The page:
Phil Tucker is a Brazilian/Brit that currently resides in Asheville, NC, where he resists the siren call of the forests and mountains to sit inside and hammer away at his laptop. He is currently working on the epic fantasy series, Chronicles of the Black Gate, launched in May 2016.
Interviews & Guest Posts
- SFFMP 96: Switching to Epic Fantasy and Rocking It with Phil Tucker (Aug 2016)
- SFFWORLD: Interview with Path of Flames author Phil Tucker (Aug 2016)
- GrimDark Magazine: Interview with Phil Tucker (Oct 2016)
- r/Fantasy Writer of the Day (Jan 2017)
- Tim Whitecastle's Blog: Where Is My Mind Series (April 2017)
- Grim Tidings Podcast: Grim Panel - SPFBO 2016 (June 2017)
- Devyn Jayse: Author Interview with Phil Tucker (July 2017)
- Fantasy Fiends Podcast: Worldbuilding (July 2017)
- Fantasy Faction Worldbuilding Round Table (Nov 2017)
- r/Fantasy Writer of the Day (Jan 2018)
My Journey So Far
There were almost six feet of snow outside when I came my closest to giving up on this whole writing gig. I was deep into the brutally cold winter of ’12, locked away in a drafty small house in Western MA, my car reduced to a hump amongst the snow banks, the roads like black ice, the sky the inside of a chalky kettle. My wife had reconciled herself to spending entire days alone as I locked myself away to write. I was desperately trying to find the end of Book 3 of a dystopian vampire trilogy. I’d funded it with a Kickstarter, had set up everything I knew to ensure success, and I couldn’t finish the damn thing.
Worse, when I finally crawled across the finish line, it was only by cutting Book 3 in two. I was burned out and broken. I published Book 1 to no acclaim, no fanfare, and no sales. Book 2 failed to change things a month later. Book 3 didn’t even cause a ripple when I dropped it into the ocean that is Amazon. I’d wrecked myself writing those books and, at my height, I was making about $25 a month from their sales.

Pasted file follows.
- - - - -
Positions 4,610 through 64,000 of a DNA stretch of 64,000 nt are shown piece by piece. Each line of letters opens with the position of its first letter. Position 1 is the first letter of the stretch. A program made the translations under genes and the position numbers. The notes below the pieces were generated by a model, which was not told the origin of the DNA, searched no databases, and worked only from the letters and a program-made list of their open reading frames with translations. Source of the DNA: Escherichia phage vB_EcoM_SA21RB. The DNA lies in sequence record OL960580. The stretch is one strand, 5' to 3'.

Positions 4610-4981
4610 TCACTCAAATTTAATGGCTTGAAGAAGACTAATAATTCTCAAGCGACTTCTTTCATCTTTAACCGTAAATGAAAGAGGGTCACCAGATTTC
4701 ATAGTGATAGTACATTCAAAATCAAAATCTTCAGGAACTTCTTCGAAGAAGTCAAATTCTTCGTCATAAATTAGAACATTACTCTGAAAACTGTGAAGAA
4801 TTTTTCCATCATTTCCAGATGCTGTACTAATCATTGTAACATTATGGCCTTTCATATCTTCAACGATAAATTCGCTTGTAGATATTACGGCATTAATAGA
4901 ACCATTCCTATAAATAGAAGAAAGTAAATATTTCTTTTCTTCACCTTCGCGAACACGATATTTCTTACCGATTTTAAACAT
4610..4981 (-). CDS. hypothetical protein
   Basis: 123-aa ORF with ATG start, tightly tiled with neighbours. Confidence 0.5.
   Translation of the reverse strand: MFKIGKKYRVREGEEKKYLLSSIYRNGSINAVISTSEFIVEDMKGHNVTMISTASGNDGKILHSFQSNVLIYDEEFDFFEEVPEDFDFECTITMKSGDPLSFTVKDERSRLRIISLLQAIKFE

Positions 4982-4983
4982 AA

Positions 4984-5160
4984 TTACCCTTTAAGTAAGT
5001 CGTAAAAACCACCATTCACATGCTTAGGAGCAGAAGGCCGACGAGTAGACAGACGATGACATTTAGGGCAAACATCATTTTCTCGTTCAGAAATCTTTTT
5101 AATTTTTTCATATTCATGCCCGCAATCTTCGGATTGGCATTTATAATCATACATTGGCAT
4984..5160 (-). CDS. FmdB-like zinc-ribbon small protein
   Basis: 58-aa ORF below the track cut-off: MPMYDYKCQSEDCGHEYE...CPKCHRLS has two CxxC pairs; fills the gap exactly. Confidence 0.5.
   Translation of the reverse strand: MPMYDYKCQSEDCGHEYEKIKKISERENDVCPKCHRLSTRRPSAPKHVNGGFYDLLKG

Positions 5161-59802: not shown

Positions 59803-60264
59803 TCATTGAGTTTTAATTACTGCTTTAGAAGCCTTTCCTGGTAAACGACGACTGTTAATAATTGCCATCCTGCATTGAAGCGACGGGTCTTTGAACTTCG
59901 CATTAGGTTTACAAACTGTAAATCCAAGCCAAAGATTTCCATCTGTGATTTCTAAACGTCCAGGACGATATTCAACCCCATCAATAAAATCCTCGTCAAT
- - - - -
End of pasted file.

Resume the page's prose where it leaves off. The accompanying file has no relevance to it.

I tell you, I nearly gave it all up right there. I fell into a funk, a deep funk that the coming of spring and summer barely alleviated. I couldn’t even force myself to write Book 4. Years of work had come to naught. My life’s passion seemed to have withered and died.
“You need to connect with other writers,” my wife said during one of my black depressions. “Go to conventions. Ask them how they do it.”
I scoffed. I might even have harrumphed. I turned away. I didn’t need anybody to tell me how to write. I was wounded and proud, disconsolate and irritable. And then one beautiful morning my wife came out of the bathroom with stars in her eyes and told me I was going to be a father. Everything changed, the world shifted on its axis, and I decided I would do everything and anything to make this writing thing work.
So I reached out. I came down from my ruined tower and started reading forums online. We moved back to Florida to be with our families, and while moving I discovered the Writer’s Café on KBoards. And I learned about mailing lists. I learned about launch strategies. I learned about promotional services, the importance of honing your blurbs, how to get reviews before your book goes live. In short, I realized that I’d only been wearing one hat. The writer’s hat. And that all along I should have been wearing two.
So I devoured everything I could read, success stories, musings, conspiracy theories as to how Amazon’s algorithms worked, autoresponder sequences to hook your readers close, everything and anything. And I put on my marketing hat and did the next obvious thing: I launched a female pen name and dived into Paranormal Romance.
This was during the height of Kindle Unlimited 1. Amazon was paying you by downloads, not page counts, so if you could publish two novella’s a month in a hot genre, you would make bank. I rolled up my sleeves and wrote my first werewolf romance. We needed cash, I’d always loved werewolves ever since playing Werewolf: The Apocalypse, so it all made sense.
And I crashed and burned. I didn’t know the rules. The tropes. I focused on plot and not enough on relationships. My characters didn’t have enough depth. So I rolled up my sleeves even higher and tried again. And again. And finally, something clicked.
November ’13 I made more than I’d made all year. Then that December I tripled what I’d made in November. January I made a killing. It was surreal.